With season two of Big Little Lies just around the corner, the much-loved cast have been busy promoting the show.
However, during a Q&A with Vanity Fair, the conversation didn’t just revolve around the upcoming drama. Meryl Streep, who sat alongside her co-stars Reese Witherspoon, Laura Dern and Nicole Kidman, explained why she disagrees with the term ‘toxic masculinity’.
Streep responded to a male fan who said he enjoyed the show, explaining that she was glad that he found something to like, despite not being a woman. She went on to explain how toxic masculinity labels are bad for everyone involved, not just one gender.
‘Sometimes I think we’re hurt. We hurt our boys by calling something toxic masculinity,’ she said. ‘I do. And I don’t find [that] putting those two words together… because women can be pretty fucking toxic.’
‘It’s toxic people. We have our good angles and we have our bad ones. I think the labels are less helpful than what we’re trying to get to, which is a communication, direct, between human beings. We’re all on the boat together. We’ve got to make it work.’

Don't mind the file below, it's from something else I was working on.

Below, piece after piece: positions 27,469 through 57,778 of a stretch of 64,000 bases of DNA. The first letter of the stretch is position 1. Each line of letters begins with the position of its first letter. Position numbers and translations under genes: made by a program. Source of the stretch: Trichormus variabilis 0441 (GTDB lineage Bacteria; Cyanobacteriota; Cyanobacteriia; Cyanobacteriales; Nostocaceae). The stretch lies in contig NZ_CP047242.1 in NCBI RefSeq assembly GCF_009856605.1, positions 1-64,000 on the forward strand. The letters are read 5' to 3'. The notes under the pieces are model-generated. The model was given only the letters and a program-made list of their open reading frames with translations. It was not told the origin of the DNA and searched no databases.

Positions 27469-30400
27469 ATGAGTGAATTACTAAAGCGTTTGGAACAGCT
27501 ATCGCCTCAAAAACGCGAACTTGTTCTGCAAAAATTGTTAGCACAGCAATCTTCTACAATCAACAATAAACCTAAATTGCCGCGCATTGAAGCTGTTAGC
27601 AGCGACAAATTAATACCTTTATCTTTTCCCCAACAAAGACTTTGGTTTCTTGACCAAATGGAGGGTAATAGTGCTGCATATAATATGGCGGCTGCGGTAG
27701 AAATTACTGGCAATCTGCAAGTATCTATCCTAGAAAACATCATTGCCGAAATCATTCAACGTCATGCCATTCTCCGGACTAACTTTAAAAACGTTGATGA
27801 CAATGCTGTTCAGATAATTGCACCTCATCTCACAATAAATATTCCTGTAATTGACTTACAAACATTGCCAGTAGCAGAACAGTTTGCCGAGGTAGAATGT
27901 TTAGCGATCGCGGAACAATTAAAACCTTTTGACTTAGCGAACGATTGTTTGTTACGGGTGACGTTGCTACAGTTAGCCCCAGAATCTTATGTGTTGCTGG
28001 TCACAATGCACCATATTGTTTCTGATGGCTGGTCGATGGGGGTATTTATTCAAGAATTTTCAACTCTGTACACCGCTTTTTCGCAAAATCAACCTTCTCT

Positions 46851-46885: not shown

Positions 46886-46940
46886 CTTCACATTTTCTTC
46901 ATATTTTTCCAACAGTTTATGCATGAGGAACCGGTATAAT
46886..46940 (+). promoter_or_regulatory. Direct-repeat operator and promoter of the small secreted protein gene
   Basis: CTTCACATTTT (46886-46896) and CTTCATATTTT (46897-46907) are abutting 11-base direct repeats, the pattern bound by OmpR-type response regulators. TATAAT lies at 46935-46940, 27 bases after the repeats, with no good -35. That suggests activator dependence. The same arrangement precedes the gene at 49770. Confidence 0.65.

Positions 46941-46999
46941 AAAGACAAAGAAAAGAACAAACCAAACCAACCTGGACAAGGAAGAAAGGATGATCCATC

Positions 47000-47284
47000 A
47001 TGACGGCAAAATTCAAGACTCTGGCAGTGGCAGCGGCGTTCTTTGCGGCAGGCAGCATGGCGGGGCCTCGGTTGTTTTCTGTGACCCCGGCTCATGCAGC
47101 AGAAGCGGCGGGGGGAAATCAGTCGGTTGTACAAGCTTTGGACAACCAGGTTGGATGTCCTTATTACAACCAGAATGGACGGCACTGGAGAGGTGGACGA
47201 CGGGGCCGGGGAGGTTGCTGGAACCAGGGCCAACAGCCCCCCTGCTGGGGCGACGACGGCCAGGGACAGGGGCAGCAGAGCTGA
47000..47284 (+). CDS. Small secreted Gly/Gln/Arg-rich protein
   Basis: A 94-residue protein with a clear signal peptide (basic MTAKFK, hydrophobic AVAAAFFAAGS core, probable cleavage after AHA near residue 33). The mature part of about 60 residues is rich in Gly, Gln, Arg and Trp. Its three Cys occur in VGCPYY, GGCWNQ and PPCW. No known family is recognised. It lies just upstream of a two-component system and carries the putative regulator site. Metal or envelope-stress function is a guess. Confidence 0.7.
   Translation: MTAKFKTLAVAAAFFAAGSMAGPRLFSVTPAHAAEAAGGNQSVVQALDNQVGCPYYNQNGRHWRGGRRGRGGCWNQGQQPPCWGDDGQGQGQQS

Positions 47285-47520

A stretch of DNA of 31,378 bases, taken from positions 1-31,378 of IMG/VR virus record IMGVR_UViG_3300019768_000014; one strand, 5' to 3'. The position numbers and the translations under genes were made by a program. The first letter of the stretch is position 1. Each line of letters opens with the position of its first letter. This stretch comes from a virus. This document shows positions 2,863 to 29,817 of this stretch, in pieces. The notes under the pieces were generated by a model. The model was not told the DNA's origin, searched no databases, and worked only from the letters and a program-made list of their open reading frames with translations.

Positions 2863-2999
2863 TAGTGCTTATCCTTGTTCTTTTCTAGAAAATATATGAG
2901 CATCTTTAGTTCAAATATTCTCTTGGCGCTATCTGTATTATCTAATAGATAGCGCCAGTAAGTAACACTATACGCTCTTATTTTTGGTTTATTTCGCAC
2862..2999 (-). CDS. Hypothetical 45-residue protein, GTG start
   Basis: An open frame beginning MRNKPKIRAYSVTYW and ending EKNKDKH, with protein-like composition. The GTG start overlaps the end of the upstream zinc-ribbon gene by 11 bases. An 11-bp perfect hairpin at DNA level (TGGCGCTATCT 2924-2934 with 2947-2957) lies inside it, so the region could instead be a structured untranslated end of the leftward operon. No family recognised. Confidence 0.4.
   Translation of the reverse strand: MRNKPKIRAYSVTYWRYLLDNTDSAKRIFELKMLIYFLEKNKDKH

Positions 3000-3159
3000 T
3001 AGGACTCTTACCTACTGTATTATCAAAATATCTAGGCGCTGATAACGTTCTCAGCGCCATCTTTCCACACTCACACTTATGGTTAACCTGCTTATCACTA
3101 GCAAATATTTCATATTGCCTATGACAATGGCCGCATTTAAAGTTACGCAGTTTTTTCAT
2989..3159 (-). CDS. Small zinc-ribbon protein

Streep’s comments highlight one of the dangers of discussing ‘toxic masculinity’ today; that people often misinterpret the term and assume it involves violence and misogyny.
‘Toxic masculinity is a narrow and repressive description of manhood, designating manhood as defined by violence, sex, status, and aggression,’ according to The Good Men Project.
‘It’s the cultural ideal of manliness, where strength is everything while emotions are a weakness: where sex and brutality are yardsticks by which men are measured, while supposedly ‘feminine’ traits – which can range from emotional vulnerability to simply not being hyper-sexual – are the means by which your status as ‘man’ can be taken away.’
The second season of Big Little Lies was confirmed by HBO at the end of 2017. Expectations for the second series are high, after series one triumphed at the Golden Globes – winning Best Television Limited Series, plus individual awards for Nicole Kidman, Alexander Skarsgård and Laura Dern.
This article first appeared on ELLE.